Working Collaboratively to Support the Education of Students who are Deaf/Hard of Hearing in Florida

Established in 1978 by the Florida Legislature, the Resource Materials and Technology Center: Deaf/Hard of Hearing (RMTC-D/HH) is a statewide discretionary project of the Florida Department of Education, Bureau of Exceptional Education and Student Services (BEESS) and functions as a statewide specialized center within the Florida Diagnostic & Learning Resources System (FDLRS) network. The Center is located on the campus of the Florida School for the Deaf and the Blind (FSDB). RMTC-D/HH serves as the coordinating unit for accessible materials including captioned and signed videos, professional development books, and other reference materials. In addition, RMTC-D/HH staff provide on-site training and technical assistance to all school districts, families, and other state and federal discretionary projects working with students who are deaf/hard of hearing. 

Services from RMTC-D/HH are provided by request and at no charge to the school, district, or organization.

Upcoming Events

  1. TA Live! Described and Captioned Media

    January 10, 2019 @ 1:00 pm - 2:00 pm
  2. Mailman Center Innovation & Connection Conference

    January 18, 2019 @ 8:30 am - 4:30 pm
  3. TA Live! Don’t teach, COACH! Self-Advocacy through a independent, problem solving approach.

    February 14, 2019 @ 1:00 pm - 2:00 pm

FAQs

Accommodations (2)

In 2013, the state issued a technical assistance paper on assistive technologies (which included hearing aids) that states, “When equipment is purchased with state education funds, district education funds, state special education funds or IDEA funds, the equipment becomes the property of the school and the school is responsible for maintenance, repair and insurance.” (Section E-1) You can find the Assistive Technology TAP here: https://info.fldoe.org/docushare/dsweb/Get/Document-6801/dps-2013-65.pdf.

If a student needs assistive technology (hearing aids, FM, etc.) and it’s on the IEP, then the district is responsible for the “maintenance, repair, and insurance” of that device. This could include routine checks (daily are required as per the Matrix of Services Handbook if they are counting the points for the device) and replacement when it isn’t functioning. If the device is functioning and the student is able to access the auditory information with the device, there is no hard and fast rule requiring replacement of older FM systems. The crux of the matter is going to be whether or not the student is receiving meaningful educational benefit from regular and/or specially designed instruction and related service(s) with the device(s) and the data being collected related thereto. If not, then the IEP team has to look at what devices are being used and determine what WILL give the student access, which in the case of older devices might mean replacement.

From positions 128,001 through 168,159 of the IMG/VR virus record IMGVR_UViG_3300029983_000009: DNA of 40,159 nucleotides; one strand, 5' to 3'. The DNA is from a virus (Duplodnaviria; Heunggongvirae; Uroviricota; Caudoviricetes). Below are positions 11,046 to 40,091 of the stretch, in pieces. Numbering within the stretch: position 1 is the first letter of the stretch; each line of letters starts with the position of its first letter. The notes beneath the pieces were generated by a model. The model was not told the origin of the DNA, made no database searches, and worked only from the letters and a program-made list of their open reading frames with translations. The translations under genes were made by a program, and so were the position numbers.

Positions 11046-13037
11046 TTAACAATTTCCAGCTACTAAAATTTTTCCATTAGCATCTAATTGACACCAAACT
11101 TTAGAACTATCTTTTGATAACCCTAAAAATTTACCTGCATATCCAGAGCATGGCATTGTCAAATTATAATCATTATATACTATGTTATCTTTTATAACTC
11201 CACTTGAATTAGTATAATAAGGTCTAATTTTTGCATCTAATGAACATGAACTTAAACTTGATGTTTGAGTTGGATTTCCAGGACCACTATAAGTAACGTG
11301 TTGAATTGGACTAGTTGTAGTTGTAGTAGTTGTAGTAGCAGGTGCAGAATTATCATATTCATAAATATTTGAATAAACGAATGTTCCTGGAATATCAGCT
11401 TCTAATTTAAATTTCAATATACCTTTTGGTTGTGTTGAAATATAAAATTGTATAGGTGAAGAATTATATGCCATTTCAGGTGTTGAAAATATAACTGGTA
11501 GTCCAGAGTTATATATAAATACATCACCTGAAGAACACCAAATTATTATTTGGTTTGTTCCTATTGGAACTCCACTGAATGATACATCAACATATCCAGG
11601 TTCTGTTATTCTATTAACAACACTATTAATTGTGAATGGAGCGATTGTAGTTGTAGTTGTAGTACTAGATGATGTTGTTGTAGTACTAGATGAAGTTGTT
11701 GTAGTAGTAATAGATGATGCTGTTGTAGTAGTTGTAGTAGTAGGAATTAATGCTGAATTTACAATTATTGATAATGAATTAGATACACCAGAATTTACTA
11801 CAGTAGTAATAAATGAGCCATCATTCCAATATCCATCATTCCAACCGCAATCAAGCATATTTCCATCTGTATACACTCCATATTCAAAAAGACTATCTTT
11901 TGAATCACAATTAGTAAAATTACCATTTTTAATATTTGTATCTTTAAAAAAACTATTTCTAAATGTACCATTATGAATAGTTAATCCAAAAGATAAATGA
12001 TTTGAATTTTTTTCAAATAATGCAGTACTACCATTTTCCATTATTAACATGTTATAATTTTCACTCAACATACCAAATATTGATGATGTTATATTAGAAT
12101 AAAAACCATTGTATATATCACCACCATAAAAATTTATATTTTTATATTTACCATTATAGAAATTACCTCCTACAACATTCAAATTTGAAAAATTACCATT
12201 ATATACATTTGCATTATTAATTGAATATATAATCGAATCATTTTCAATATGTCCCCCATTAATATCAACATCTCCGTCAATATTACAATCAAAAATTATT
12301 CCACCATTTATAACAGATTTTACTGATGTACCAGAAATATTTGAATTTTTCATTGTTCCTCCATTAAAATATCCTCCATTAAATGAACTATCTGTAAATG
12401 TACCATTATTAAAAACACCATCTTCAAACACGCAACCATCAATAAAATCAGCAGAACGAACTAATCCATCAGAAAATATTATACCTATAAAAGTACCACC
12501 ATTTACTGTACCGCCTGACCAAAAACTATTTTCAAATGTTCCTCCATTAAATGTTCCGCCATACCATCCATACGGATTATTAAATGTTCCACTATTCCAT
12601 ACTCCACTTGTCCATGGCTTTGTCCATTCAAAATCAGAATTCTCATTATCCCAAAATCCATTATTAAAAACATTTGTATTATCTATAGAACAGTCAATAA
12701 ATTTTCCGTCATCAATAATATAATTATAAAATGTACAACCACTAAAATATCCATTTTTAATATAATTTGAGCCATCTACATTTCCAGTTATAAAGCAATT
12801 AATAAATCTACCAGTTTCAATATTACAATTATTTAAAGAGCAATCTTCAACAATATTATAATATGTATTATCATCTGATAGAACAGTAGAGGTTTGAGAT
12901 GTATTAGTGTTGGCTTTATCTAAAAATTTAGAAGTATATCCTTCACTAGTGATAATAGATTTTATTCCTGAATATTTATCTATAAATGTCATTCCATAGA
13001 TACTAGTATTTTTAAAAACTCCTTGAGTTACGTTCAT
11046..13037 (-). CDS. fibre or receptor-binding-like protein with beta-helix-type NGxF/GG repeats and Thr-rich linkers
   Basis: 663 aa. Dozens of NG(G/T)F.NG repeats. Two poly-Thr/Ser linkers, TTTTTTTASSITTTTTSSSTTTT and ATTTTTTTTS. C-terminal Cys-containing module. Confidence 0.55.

Professionals can check their district’s ESE Policies and Procedures Manual (SP&P) to see if the district has any information specific to amplification maintenance and/or replacement. You can find the SP&P for every district here: http://www.beessgsw.org/spp/institution/public . Once you’ve navigated to the site, choose the current year from the “Date Window” and then select your county from “District.” Some districts put specific information related to their programs in the SP&P while others just accept the DOE rule.

 

The information contained in the FAQs does not constitute legal advice. Please refer to the original sources listed in each FAQ for more information. 

Many school districts are unclear as to whether they are responsible for mapping (or programming) a student’s cochlear implant. Per Title 34, Sections 300.5 and 300.6, Code of Federal Regulations (CFR), the definitions of assistive technology and related services do not include a medical device that is surgically implanted, or the replacement of such device. In accordance with Section 300.34(b)(1), CFR, related services do not include a medical device that is surgically implanted, the optimization of that device’s functioning (e.g., mapping), maintenance of that device, or the replacement of that device.

However, per Section 300.34(b)(2), CFR, the exclusion of the term does not limit the right of a child with a cochlear implant to receive related services that are determined by the IEP team to be necessary for the student nor does it prevent the routine checking of an external component of a surgically implanted device to make sure it is functioning properly as required in Section 300.113(b), CFR.” From: http://www.fldoe.org/core/fileparse.php/7571/urlt/0086201-y2007-5.pdf

Essentially, the question is:

How is the school district providing equal access to instruction for the provision of FAPE as required by IDEA and Title II of the ADA?

For example, if a battery goes dead during instruction time – does the school have a plan for how they are ensuring equal and timely access to instruction? This may mean that they have a backup battery just at school for this purpose, a CI sleeve that connects with an FM system, etc. If they do not have backups and plans in place – how can they prove they are providing timely and equal access to instruction?

 

The information contained in the FAQs does not constitute legal advice. Please refer to the original sources listed in each FAQ for more information. 

Assistive Technology (AT), Accessible Instructional Materials (AIM) (5)

According to the Department of Education Code of Federal Regulations, Section 300.113:

300.113 Routine checking of hearing aids and external components of surgically implanted medical devices.

(a) Hearing aids. Each public agency must ensure that hearing aids worn in school by children with hearing impairments, including deafness, are functioning properly.